Anatomy of a loss
Free-throw ineptness, foul trouble led to Kansas defeat
Posted: Tuesday April 08, 2003 2:30 AM
Updated: Tuesday April 08, 2003 3:10 AM
At times, all Roy Williams could do was watch as his Jayhawks self-destructed. AP
By Albert Lin, SI.com
NEW ORLEANS -- True, Kansas had a legitimate chance to send Monday night's title game into overtime. But the Jayhawks never would have been in such a desperate situation had they taken care of business earlier.
Kansas shot 12-for-30 from the line (40 percent), the lowest percentage in an NCAA championship game for a team with at least 20 attempts. The 18 misses tied the championship-game record. In one stretch of the second half, senior Nick Collison and junior Jeff Graves combined to miss nine in a row.
"Everyone's going to talk about the free throws, and we did miss a lot of free throws," Kansas coach Roy Williams said. "When you're trying to come from behind, you can't make those kinds of mistakes."
"We could see right away they didn't have a good rhythm," Syracuse coach Jim Boeheim said. "Any time they got close to the basket, we wanted to foul them."
The 53 points scored by Syracuse in the first half are the most Kansas had allowed all season. The Orangemen shot 55.6 percent and hit 10 of 13 3-pointers before the break, with freshman Gerry McNamara, who once scored 41 points in the first half of a high school playoff game, doing most of the damage (6-for-8 on 3s for 18 points).
"Gerry McNamara may have been the freshman of the year tonight," Boeheim said. "I knew when he stepped up early that he was going to let it out. I knew he was going to let it go."
The hot shooting helped prevent Kansas from ramping up its transition game. With so many shots going up from the perimeter, several Orangemen were able to backpedal to midcourt by the time the ball went through the net. That allowed Syracuse to set up its 2-3 zone defense. In a half-court set, the Jayhawks had trouble getting the ball to Collison on the blocks, and he had to operate from the high post. Several of his drives resulted in shots that rolled off the rim.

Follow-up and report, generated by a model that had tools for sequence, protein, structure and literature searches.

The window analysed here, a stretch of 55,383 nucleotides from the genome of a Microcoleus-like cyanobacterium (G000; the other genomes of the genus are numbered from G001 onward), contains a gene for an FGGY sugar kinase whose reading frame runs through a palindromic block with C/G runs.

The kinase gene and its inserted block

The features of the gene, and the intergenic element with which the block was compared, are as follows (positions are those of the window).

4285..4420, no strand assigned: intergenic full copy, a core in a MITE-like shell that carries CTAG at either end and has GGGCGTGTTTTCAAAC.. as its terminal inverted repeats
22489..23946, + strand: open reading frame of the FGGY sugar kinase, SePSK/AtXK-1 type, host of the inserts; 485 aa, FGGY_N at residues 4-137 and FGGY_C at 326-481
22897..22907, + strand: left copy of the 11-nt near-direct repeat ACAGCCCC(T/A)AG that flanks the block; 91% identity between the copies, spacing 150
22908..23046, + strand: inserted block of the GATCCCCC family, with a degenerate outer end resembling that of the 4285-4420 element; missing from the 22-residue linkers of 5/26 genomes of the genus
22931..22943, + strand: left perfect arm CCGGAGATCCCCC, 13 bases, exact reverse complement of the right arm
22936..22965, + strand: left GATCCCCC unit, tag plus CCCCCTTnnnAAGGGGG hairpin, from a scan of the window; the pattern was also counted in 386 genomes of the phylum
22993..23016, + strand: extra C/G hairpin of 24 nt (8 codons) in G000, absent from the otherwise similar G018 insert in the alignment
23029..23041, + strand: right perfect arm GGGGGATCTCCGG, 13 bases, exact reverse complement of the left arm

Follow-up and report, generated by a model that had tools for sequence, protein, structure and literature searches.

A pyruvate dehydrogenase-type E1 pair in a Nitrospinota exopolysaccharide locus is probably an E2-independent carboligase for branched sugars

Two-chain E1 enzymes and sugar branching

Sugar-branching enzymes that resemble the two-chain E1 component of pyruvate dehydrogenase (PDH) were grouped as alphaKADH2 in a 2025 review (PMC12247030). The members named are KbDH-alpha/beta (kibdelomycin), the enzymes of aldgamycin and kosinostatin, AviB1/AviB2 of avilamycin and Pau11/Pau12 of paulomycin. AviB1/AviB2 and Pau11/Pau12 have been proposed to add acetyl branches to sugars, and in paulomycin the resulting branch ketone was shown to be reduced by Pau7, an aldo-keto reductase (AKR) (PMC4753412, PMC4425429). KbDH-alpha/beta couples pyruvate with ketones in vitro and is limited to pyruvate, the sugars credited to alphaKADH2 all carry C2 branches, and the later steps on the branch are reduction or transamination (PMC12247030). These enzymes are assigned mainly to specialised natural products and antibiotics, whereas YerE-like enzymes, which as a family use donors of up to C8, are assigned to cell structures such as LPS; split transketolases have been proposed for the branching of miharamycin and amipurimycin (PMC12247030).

"They did some good things with the zone, showed us some things we haven't seen before," Kansas sophomore Michael Lee said.
The only Jayhawk in any semblance of an offensive groove was Keith Langford, who scored 19 points in 23 minutes. Why only 23 minutes? Because the athletic Langford, who plays longer than his 6-foot-4 frame, was Kansas' best option to defend Syracuse freshman (and Final Four Most Outstanding Player) Carmelo Anthony.
"Carmelo is hard to guard. He got Langford in foul trouble," Boeheim said. "Langford was killing us on offense, but it's hard to kill us when you're in foul trouble."
Kansas senior Kirk Hinrich appeared to lose confidence after missing a couple of early shots. He passed up several open jumpers, sometimes for disastrous forays into the lane, and finished the night 6-for-20 from the field.
Williams changed things up on several occasions in the first half and appeared to swing momentum in his team's favor. The Jayhawks played a 1-3-1 zone on one possession (promptly busted by McNamara), double-teamed the ball on the perimeter a few times and even pressed twice. Syracuse turned the ball over or rushed its shots, and Kansas was able to quicken the tempo of the game. But rather than stick with it, as soon as his team closed an 18-point deficit to 10, Williams allowed the Jayhawks to settle back into their familiar man-to-man.
The same thing happened in the second half. Kansas would cause a few turnovers, then revert to its base defense.
"I was just trying to search for something to do," Williams said. "Somebody asked a question about pressing, why we didn't do it the whole game. We can't. We don't have enough guys. You got to dance with what brung you."
The turning point may have come when Kansas got within 61-58 and picked up a steal in Syracuse's frontcourt. But a careless outlet pass by Graves was intercepted at midcourt by Josh Pace. Pace advanced the ball to Anthony on the left side, and Anthony cooly drilled a 3.
"We have a chance to go down court, tie it up. Instead it's six," Williams said. "Great players make great plays. That's what [Anthony] did."
On three consecutive possessions, minutes after Anthony's 3 when they were trailing by eight, three different Jayhawks ventured into the lane and could do no better than put the ball right into the outstretched hands of Syracuse's 7-foot sophomore, Craig Forth.
"When you come back and you're fighting and scrapping, running a lot of double teams, playing catch-up most of the game, it takes a lot out of you," Hinrich said.
The Jayhawks may have run out of energy, players and time at the end, but they had themselves to blame for many of their woes.
"Obviously you want to avenge what happened, but right now you just have to live in the moment," Langford said. "You've got to give credit to Syracuse. Now we'll just go back to Lawrence and move on."